Become familiar with the provisions of your current contract. "Make sure you understand what's being delivered," says Greg Chestnut, partner with Bermuda-based Accenture. Look at service levels, and what the vendor should be delivering to you, he says. What are the delivery points? What are the timetables? What is the pricing structure? At a minimum, you want make sure they deliver what they've already agreed to deliver.Study the financial situation and product roadmaps of current and prospective vendors. "Look for a company with very strong managerial leadership that has a clear vision of where they want to take their product," advises Ben Moreland, vice president of information technology with The Hartford Financial Group, Hartford, Conn. Ask them directly, if they were to be acquired, what kind of company are they looking for?
Choose a vendor that adheres to open standards. "Make sure you choose a company that not only adheres to the standards, but is actively involved in the standards committees," says The Hartford's Moreland. Adoption of standards-based systems reduces the risks of having a product phased out, since it can more easily be replaced.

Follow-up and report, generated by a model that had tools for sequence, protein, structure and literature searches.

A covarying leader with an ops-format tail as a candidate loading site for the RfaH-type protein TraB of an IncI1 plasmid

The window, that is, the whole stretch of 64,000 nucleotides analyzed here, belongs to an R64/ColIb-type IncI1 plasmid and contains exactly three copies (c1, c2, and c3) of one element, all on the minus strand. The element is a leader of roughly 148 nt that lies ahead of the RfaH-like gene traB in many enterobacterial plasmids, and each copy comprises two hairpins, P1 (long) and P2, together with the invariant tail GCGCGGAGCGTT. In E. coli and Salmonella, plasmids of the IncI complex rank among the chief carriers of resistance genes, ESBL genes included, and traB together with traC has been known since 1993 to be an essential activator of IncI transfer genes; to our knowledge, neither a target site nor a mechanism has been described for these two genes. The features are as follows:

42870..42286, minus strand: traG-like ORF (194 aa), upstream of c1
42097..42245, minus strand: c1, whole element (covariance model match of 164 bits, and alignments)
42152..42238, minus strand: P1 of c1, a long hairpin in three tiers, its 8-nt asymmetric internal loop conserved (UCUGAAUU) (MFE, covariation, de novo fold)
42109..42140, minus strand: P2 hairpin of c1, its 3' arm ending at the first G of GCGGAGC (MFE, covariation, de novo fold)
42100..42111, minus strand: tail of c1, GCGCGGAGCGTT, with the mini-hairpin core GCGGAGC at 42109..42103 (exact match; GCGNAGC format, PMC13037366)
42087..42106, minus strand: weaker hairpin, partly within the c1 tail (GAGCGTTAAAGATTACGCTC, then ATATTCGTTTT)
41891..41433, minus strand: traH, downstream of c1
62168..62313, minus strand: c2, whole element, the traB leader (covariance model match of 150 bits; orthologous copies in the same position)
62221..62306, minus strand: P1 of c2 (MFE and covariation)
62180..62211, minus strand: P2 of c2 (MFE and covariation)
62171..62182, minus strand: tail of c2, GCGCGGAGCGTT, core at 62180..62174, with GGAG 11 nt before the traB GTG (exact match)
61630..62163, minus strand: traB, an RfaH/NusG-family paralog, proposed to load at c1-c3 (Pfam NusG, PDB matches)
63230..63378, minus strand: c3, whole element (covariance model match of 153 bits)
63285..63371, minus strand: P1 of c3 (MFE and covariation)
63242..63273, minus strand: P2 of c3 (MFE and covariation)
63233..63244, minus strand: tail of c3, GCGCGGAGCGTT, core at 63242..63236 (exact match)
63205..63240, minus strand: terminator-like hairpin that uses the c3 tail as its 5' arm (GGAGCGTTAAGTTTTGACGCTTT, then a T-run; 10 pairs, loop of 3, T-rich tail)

If possible, get access to source code. Discontinuation of products from an acquired or merged company should trigger the carrier's right to get the source code, says Patrick Hatfield, attorney and partner with Lord, Bissell & Brook LLP, an Atlanta-based law firm specializing in the insurance and financial services industries. The carrier then can employ third parties to assist in support of the system. "To make that happen, the carrier may want to insist on the source code being deposited in an escrow account on Day One," he says.
Add language in software contracts addressing change scenarios. This may include putting source code in an escrow account, or guaranteeing support if a company will not have the resources to maintain source code, says Hatfield. Upfront contract language can also call for advanced notice of product discontinuation in the wake of an ownership change, he says.
Prepare for possible changes in pricing, maintenance, and support. Ask what will happen to your product-even if it is continued by the new owners. For example, says Arun Katash, senior director of products for Ketera Technologies, a Santa Clara, Calif.-based company. "Companies are extremely nervous about how long the PeopleSoft line of products will be maintained by Oracle-and at what point Oracle will inject a platform change, which will change the total cost of ownership picture for the customer."
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